Canadian Liberal Party leader Justin Trudeau waits with his son Xavier to cast his ballot in Montreal on October 19, 2015. The first of 65,000 polling stations opened Monday on Canada's Atlantic seaboard for legislative elections that pitted Prime Minister Stephen's Tories against liberal and social democratic parties. Up to 26.4 million electors are expected to vote in 338 electoral districts. Some 3.6 million already cast a ballot in advance voting a week ago, and the turnout Monday is expected to be high. AFP PHOTO/NICHOLAS KAMM (Photo credit should read NICHOLAS KAMM/AFP/Getty Images)
TORONTO, ON - OCTOBER 9: Liberal leader Justin Trudeau meets with the editorial board at the Toronto Star in Toronto. (Todd Korol/Toronto Star via Getty Images)
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Speaking at a conference in Madagascar, Trudeau stood by his original comments, but tried to frame them in a more historical context.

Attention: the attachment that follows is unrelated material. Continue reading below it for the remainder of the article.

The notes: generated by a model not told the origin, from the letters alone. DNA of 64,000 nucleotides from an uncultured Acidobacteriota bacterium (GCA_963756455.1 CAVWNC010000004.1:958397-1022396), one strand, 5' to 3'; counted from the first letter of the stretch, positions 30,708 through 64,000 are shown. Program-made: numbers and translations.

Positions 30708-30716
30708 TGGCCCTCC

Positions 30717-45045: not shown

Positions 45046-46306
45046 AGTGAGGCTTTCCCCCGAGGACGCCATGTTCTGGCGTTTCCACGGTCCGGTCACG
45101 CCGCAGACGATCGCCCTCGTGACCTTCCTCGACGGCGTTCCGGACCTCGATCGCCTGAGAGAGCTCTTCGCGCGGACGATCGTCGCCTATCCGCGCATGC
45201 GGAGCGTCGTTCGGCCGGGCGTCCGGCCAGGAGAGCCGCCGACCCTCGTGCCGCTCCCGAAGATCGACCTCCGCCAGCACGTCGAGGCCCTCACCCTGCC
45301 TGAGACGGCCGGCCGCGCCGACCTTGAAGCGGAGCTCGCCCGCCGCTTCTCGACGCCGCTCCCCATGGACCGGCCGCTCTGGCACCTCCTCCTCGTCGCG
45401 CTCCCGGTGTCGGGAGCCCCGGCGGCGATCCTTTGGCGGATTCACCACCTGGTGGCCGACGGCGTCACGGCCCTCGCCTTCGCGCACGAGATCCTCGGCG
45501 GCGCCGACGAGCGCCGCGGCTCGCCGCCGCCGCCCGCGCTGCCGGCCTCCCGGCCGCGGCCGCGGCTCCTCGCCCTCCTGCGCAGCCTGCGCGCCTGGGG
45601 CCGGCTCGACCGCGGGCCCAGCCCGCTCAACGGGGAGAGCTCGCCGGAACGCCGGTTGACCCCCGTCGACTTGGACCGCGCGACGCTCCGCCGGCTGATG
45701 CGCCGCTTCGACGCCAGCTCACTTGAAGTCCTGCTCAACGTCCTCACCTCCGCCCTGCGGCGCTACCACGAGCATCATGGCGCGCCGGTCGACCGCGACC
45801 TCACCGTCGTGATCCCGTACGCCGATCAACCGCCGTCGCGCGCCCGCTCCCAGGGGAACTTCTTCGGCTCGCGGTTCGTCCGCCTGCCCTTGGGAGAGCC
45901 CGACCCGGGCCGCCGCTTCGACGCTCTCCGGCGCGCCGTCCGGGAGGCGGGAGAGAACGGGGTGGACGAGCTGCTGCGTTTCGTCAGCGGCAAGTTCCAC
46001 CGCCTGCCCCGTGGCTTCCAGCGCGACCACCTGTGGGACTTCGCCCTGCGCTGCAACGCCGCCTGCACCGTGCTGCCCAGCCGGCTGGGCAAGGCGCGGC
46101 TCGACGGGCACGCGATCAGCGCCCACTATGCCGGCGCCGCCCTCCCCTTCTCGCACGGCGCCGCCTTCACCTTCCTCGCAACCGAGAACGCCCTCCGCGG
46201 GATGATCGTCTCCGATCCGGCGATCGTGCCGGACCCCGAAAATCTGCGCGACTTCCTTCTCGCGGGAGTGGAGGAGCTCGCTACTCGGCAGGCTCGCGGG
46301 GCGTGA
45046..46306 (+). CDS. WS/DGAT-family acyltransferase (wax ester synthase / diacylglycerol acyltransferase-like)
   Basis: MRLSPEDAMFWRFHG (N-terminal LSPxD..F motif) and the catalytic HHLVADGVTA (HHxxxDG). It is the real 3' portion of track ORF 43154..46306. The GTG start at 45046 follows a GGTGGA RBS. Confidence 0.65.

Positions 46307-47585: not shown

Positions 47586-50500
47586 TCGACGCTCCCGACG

Recognizing issues surrounding Castro and his abuse of human rights, Trudeau said, "The fact is Fidel Castro had a deep and lasting impact on the Cuban people. He certainly was a polarizing figure and there certainly were significant concerns around human rights. That's something I'm open about and that I've highlighted."

Trudeau also defended himself, saying his statement was meant to show the deep connections between Canadians and Cubans and defended his own actions on human rights, name-checking Castro's brother, current Cuban president Raul.

Additionally, when asked if Castro was a dictator, Trudeau said, "yes."

Trudeau's original comments led to swift reaction on the internet, including — of course — a hashtag.

It's not the first time Trudeau found himself memed, and it surely won't be the last.